[Evans-Pritchard fully knows what risks Abe's policy entails. Somehow, he stops by presenting only the economic and monetary consequences.]

...Banks hold JGBs worth 900pc of their Tier 1 capital. Their portfolios would be decimated if long rates punched above 2pc. Japan might then face a banking disaster as well. These are the hard choices that Mr Abe has to make.

Nor can he continue to weaken the yen without irking Washington and jeopardising the alliance on which he depends. His rhetoric alone has already triggered a 12pc fall in the yen against the dollar, and a 20pc fall against the euro. He seems to be eyeing a dollar rate near Y100.

... Huge issues are at play here. The world's trade system is fragile. The wasting disease behind the Long Slump is a record high savings rate of 24pc of global GDP, and too little demand to go around. Everybody wants a weaker a currency. They can't all have it.

Japan's great experiment cuts both ways for the rest of us: the reflation blitz helps lift the global economy out of the doldrums: but yen manipulation snatches market share, incites protectionism, and takes us into the brave new world of "actively managed exchange rates", as Sir Mervyn King put it last month.

We will find out soon enough which is the more powerful effect.

We will find out soon enough. By bullets and missiles flying over our heads, if Kyle Bass is right.

Mr. Korekiyo Takahashi, who was also the 7th governor of Bank of Japan, was a one tough cookie. At the age of 13, he was ordered by his lord to study abroad. However, the American merchant living in Yokohama who was supposed to arrange for his study stole the money and his belongings, and he was duped by the parents of this merchant into signing a contract as indentured servant and was sold to a family in Oakland, California. He was then sold several more times, forced to work in vineyards and herding cattle, until he somehow managed to get back to Japan a year later.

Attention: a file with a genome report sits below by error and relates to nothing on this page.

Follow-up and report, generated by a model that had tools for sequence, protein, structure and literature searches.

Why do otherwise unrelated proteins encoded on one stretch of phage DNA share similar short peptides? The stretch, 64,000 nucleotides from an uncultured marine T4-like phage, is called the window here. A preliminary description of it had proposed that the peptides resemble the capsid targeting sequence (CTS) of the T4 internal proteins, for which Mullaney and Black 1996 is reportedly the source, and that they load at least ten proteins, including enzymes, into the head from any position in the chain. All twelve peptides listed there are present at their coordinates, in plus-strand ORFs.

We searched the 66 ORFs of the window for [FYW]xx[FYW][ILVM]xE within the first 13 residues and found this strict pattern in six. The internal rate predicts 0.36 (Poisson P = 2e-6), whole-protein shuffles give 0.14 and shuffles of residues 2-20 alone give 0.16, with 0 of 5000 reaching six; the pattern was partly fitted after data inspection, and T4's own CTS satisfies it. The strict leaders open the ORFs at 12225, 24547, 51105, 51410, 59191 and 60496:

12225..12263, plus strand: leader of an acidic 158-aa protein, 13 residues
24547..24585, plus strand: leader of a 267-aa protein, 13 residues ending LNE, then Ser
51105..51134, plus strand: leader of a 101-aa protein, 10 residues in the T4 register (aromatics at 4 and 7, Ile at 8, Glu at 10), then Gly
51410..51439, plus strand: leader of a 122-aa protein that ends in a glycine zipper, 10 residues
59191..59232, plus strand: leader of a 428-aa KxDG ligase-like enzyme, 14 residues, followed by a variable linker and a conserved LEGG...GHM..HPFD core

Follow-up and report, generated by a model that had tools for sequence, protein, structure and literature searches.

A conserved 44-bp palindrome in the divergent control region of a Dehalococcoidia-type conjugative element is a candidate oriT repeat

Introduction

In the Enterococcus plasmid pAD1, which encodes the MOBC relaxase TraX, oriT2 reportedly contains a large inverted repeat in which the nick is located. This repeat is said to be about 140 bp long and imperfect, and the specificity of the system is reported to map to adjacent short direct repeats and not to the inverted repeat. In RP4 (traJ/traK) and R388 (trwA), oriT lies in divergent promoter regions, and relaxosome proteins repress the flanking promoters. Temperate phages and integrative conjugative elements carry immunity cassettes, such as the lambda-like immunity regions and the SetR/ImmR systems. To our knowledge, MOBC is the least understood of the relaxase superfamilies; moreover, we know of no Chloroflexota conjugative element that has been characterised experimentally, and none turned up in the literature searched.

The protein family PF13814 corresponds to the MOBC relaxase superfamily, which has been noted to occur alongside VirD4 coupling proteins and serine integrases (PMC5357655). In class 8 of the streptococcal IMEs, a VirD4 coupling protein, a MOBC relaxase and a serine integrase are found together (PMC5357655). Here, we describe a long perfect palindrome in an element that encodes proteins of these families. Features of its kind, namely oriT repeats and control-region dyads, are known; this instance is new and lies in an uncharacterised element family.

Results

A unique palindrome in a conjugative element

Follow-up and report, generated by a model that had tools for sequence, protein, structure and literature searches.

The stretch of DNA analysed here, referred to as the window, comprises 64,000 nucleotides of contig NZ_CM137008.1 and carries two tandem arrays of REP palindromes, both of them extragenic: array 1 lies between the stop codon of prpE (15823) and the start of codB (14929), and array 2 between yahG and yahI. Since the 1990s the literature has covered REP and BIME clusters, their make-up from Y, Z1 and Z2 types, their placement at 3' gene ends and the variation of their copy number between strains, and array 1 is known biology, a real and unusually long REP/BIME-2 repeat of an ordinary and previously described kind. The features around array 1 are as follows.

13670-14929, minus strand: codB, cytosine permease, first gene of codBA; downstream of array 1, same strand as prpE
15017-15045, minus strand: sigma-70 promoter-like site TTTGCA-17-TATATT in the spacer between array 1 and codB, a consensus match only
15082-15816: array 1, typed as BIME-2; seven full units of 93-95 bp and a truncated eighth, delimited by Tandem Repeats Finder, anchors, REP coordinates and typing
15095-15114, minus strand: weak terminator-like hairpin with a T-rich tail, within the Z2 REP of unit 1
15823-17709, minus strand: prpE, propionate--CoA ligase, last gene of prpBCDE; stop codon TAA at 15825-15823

Shinzo "pork-cutlet-curry-rice" Abe does not have a sturdy man who has grown into adult. Like himself, all he has is boys simply grown bigger with more wrinkles. We will found soon enough indeed what these boys will do.

Boeing 787 Dreamliner Battery Fire: NTSB Is Testing Each Battery Cell

NTSB's press release (1/20/2013; emphasis is mine):

NTSB Provides Third Investigative Update on Boeing 787 Battery Fire in Boston
January 20

WASHINGTON - The National Transportation Safety Board today released a third update on its investigation into the Jan. 7 fire aboard a Japan Airlines Boeing 787 at Logan International Airport in Boston.

The lithium-ion battery that powered the auxiliary power unit has been examined in the NTSB Materials Laboratory in Washington. The battery was x-rayed and CT scans were generated of the assembled battery. The investigative team has disassembled the APU battery into its eight individual cells for detailed examination and documentation. Three of the cells were selected for more detailed radiographic examination to view the interior of the cells prior to their disassembly. These cells are in the process now of being disassembled and the cell's internal components are being examined and documented.

Investigators have also examined several other components removed from the airplane, including wire bundles and battery management circuit boards. The team has developed test plans for the various components removed from the aircraft, including the battery management unit (for the APU battery), the APU controller, the battery charger and the start power unit. On Tuesday, the group will convene in Arizona to test and examine the battery charger and download nonvolatile memory from the APU controller. Several other components have been sent for download or examination to Boeing’s facility in Seattle and manufacturer’s facilities in Japan.